“This committee will be required to ensure the draft law strikes a balance between guaranteeing protest rights and safeguarding public property,” he said.
The Shura Council is also awaiting a government-drafted law regulating the activities of non-government organisations (NGOs). Reports of what the law will contain have provoked concern among human rights activists.
Mohamed Zarie, who recently resigned from the Islamist-dominated National Council of Human Rights (NCHR), said that in seeking to impose a minimum of LE250,000 to be held by NGOs rather than the LE10,000 under the current law, the government was seeking to dramatically reduce the number of operating NGOs. Zarie also objected to provisions which, he said, give employees at the Ministry of Social Insurance judicial powers to investigate NGOs and refer their staff to trial.
Mohamed Anwar Al-Sadat argued that the draft was being tailored to undermine NGOs and civil society. “It imposes strict bans on civil society and human rights organisations, prohibiting them from seeking any foreign funding or conducting opinion polls,” said Al-Sadat. The law, he added, was being drawn up to a Muslim Brotherhood dictated agenda. “Don’t people find it odd,” he asked, “that an unlicensed group which has consistently rejected any kind of financial scrutiny or oversight of its own activities wants to impose them on everyone else?”
On Sunday, Minister of Social Insurance Nagwa Khalil appeared to suggest that the Muslim Brotherhood will have to meet the conditions included in any new NGO legislation.
“Should the Brotherhood win a majority in the coming parliament,” warned Al-Sadat, “it will use it to issue a new NGO law tailored exclusively to its own needs.”
“We all know the group has huge financial assets, mostly deposited in Qatari Banks, and that it has armed militias which have been used more than once in recent months, not least in the attack against protesters before Al-Ittihadiya presidential palace on 5 December,” said Al-Sadat. He revealed he had sent a letter to Mohamed Badie, the supreme guide of the Muslim Brotherhood, a week ago, demanding he “unveil the truth about the group’s financial deposits in Qatari banks”.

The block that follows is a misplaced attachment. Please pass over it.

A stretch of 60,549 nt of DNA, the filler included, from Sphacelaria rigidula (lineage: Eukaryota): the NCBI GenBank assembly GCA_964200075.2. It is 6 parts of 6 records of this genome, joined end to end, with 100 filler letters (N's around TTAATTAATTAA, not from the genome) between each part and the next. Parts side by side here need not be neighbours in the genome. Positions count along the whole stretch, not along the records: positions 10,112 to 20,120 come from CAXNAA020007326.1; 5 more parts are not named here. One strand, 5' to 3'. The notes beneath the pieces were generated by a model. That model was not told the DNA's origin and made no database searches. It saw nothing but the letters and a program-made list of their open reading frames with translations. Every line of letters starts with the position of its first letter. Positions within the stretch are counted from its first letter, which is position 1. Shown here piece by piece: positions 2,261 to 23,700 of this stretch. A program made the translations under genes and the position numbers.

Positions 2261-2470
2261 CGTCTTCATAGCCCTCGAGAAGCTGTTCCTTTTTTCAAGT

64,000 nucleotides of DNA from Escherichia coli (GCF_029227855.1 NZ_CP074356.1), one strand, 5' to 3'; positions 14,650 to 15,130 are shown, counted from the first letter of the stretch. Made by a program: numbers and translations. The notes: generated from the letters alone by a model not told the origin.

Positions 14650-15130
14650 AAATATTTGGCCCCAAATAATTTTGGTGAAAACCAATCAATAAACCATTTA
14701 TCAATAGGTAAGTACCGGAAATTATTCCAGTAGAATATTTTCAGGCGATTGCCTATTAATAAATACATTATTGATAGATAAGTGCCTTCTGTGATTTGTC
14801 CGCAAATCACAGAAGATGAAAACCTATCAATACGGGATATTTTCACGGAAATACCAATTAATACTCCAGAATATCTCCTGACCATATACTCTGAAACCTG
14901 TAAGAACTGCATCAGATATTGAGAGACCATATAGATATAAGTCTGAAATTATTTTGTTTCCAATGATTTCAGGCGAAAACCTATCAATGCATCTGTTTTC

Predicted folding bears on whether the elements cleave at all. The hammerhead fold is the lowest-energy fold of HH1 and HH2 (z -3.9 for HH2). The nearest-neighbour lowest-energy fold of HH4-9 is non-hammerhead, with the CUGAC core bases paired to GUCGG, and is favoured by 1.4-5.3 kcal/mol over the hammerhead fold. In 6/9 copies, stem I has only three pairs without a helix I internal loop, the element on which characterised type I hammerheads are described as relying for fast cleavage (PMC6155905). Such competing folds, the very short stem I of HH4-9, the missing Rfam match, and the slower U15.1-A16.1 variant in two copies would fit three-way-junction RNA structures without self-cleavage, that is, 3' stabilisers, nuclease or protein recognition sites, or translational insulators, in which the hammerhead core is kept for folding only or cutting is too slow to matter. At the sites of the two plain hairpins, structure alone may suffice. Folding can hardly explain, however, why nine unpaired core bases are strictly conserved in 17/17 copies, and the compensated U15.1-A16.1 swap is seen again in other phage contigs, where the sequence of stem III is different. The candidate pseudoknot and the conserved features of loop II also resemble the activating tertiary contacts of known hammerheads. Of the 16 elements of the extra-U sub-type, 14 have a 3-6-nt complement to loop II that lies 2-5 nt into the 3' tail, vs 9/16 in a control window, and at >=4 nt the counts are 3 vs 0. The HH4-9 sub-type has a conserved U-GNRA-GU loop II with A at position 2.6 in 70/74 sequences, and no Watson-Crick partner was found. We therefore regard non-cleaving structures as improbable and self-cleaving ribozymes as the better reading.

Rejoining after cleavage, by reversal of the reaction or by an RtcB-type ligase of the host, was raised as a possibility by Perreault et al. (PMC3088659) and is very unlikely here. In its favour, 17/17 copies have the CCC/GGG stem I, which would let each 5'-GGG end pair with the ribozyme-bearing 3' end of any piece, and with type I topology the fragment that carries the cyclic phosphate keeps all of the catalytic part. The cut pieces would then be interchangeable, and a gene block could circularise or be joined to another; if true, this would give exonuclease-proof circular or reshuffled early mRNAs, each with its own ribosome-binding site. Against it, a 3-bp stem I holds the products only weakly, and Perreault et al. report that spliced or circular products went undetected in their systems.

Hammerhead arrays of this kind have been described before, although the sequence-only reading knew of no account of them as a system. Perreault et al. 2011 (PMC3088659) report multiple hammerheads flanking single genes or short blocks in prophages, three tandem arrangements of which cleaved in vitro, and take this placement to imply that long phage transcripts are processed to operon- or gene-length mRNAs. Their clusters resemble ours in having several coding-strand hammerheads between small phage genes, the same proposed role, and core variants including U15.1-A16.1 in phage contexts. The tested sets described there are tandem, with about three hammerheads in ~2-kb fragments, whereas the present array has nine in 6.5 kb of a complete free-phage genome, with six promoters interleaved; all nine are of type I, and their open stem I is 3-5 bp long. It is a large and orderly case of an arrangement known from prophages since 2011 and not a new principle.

The Shura Council is also expected to discuss a draft law aimed at reaching financial settlements with a number of Mubarak-era businessmen and at recovering funds smuggled outside Egypt under the Mubarak regime. The law, submitted by the Wasat Party and approved by the Shura’s Legislative and Constitutional Affairs last week, provoked heated disputes.
Some Shura members, including those from the Muslim Brotherhood, rejected any kind of settlement with Mubarak-era businessmen. “They have to face criminal trial first. Some of them were involved in bloody crimes,” said Ezzeddin Al-Komi, a Brotherhood member and deputy chairman of the council’s Human Rights Committee.
Freedom and Justice Party’s Essam Al-Erian, however, argued that “it is useless to keep corrupt former officials in prison when they could be set free in exchange for the return of the billions they embezzled.”

add comment

  • follow us on